Autumn highlights: Zadie Smith
17.08.12 | Alice O'Keeffe
One of the most eagerly awaited literary offerings this autumn is NW (Hamish Hamilton, September), the new novel from Zadie Smith. It’s a return to the fertile north-west London setting of her hugely successful 2000 début White Teeth. Fittingly, we meet at The Paradise Club on Kilburn Lane, about a mile from where Smith grew up in Willesden and where, later in the evening, she will give the first public reading of NW to an audience of booksellers—to an enthusiastic reception.
It’s been seven years since her last novel, the Orange Prize-winning On Beauty. Smith explains that she wrote the first few pages of NW that long ago, “and just got stuck there for a really long time, about five years”. That is, she says, usually the way with her books, but “it was a longer struggle than usual”.
Those early first pages contained “the idea of a stranger coming, which is pretty ancient I suppose, the idea of someone coming to the door and not being entirely welcome”. NW opens with a compelling doorstep encounter between Leah and a desperate stranger asking for money. The novel follows four characters; Leah, Natalie, Felix and Nathan. All have escaped the inner-city Caldwell housing estate where they grew up, with varying degrees of success. Leah has acquired a flat, a non-demanding job and a devoted husband through no particular effort. She’s content with the way things are—and she really doesn’t want to have the baby that everyone tells her is the next step.
Leah’s oldest friend changed her name from Keisha to Natalie as part of a dedicated reinvention that has taken her from the council estate to the Bar. But after all her efforts, and the lifestyle she has to show for it, Natalie is on the verge of self-destruction. Meanwhile Nathan’s life has always been more about simple survival. As these lives cross, entwine and diverge, a dazzling and vivid portrait of a corner of 21st-century London is realised.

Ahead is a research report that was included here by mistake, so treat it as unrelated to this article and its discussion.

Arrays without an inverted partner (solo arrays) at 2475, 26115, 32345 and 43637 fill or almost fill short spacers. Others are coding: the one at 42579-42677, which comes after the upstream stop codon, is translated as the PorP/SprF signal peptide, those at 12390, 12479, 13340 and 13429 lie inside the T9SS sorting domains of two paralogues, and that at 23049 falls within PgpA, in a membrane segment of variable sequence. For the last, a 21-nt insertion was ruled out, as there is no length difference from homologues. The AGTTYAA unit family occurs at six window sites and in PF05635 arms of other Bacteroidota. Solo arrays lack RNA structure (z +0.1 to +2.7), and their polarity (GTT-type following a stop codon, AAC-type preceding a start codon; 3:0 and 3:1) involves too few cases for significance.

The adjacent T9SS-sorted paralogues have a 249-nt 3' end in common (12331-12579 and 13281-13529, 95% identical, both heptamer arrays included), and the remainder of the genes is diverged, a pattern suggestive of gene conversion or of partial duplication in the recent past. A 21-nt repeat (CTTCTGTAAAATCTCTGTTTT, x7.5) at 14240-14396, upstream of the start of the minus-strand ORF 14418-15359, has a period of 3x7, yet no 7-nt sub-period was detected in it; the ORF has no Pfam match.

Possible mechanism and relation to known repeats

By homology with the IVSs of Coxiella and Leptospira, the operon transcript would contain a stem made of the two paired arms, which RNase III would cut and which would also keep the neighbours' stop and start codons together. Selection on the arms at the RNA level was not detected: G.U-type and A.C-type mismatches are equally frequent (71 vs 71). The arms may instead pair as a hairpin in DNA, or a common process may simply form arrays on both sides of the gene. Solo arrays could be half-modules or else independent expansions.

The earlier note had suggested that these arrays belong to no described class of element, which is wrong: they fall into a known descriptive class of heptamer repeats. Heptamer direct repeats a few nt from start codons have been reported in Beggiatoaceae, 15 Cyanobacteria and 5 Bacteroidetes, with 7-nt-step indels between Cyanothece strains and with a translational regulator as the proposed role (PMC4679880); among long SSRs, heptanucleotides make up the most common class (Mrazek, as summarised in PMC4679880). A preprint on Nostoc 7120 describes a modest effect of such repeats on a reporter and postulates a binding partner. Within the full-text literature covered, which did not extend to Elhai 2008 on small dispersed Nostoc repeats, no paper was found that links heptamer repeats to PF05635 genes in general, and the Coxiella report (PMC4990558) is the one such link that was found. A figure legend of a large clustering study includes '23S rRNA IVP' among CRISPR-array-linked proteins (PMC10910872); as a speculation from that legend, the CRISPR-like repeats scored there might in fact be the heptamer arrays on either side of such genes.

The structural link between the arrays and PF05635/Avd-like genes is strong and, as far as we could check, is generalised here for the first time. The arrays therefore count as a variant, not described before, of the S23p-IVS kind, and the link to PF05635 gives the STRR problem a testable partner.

Smith describes NW as a book “about time, and about how time feels to people and how to deal with it. That’s the most simple answer and the most honest, because that’s what I was thinking about when I was writing. It’s so intense just to think about the way you experience time, how quickly it passes. That was really my whole hope when I was writing the book, that I might create that feeling in people. They have it anyway, obviously everybody has it, but just to intensify it for the length of a book.”
NW has a tighter focus, both in terms of geography and the cast of characters, than her earlier novels—“I think I just wanted to stop doing a lot of things badly and try to do a few things well.” The prose is inventive and ambitious, and a particular strength is the dialogue—but Smith is lightly dismissive: “If you have an ear for it, it’s not work at all . . . dialogue for me is the only thing I do without effort. Everything else; unbelievable effort!
“Certainly the fluidity of youth has gone, so you have to struggle with each page,” Smith says, reflecting on the writing process. “It’s very hard to listen to yourself for that long and feel that—even if you have had a career of some kind—someone wants to hear it or read it.” Even with three successful novels under her belt? “For me it’s worse because I just think of all the people I’m going to disappoint.” But she acknowledges: “You have to be willing to disappoint people too, and just write what you feel you need to write.”
Much of NW was written in New York, where Smith teaches on the NYU creative writing course. Being so far from London engendered “a kind of longing” for the city. “It’s an act of nostalgia, it’s much more emotional I think, when you’re far away.” Teaching is also crucial to her writing life: “When you’re with young people they make you read things, they put books in your hand . . . It’s very easy as a writer to stop being open to new things. You just decide that the 20 books you read when you were 20 years old will do, and you never read anything else. I’m always terrified of being that person.”
Her readers will be pleased to learn she’s already had an inkling for the next one—the only intriguing detail that “it’s a strange thing, a sci-fi book”—but she warns it will be years and years before fruition. But, as she says, “I think a novel should feel urgent, no? I don’t like to write unless I have a good reason to. And I know as a reader, I never care how long I have to wait for a novel—as long as it’s a good one.”
NW (Hamish Hamilton, 6th September, £18.99, hb, 9780241144145)
Photo credit: Dominique Nabokov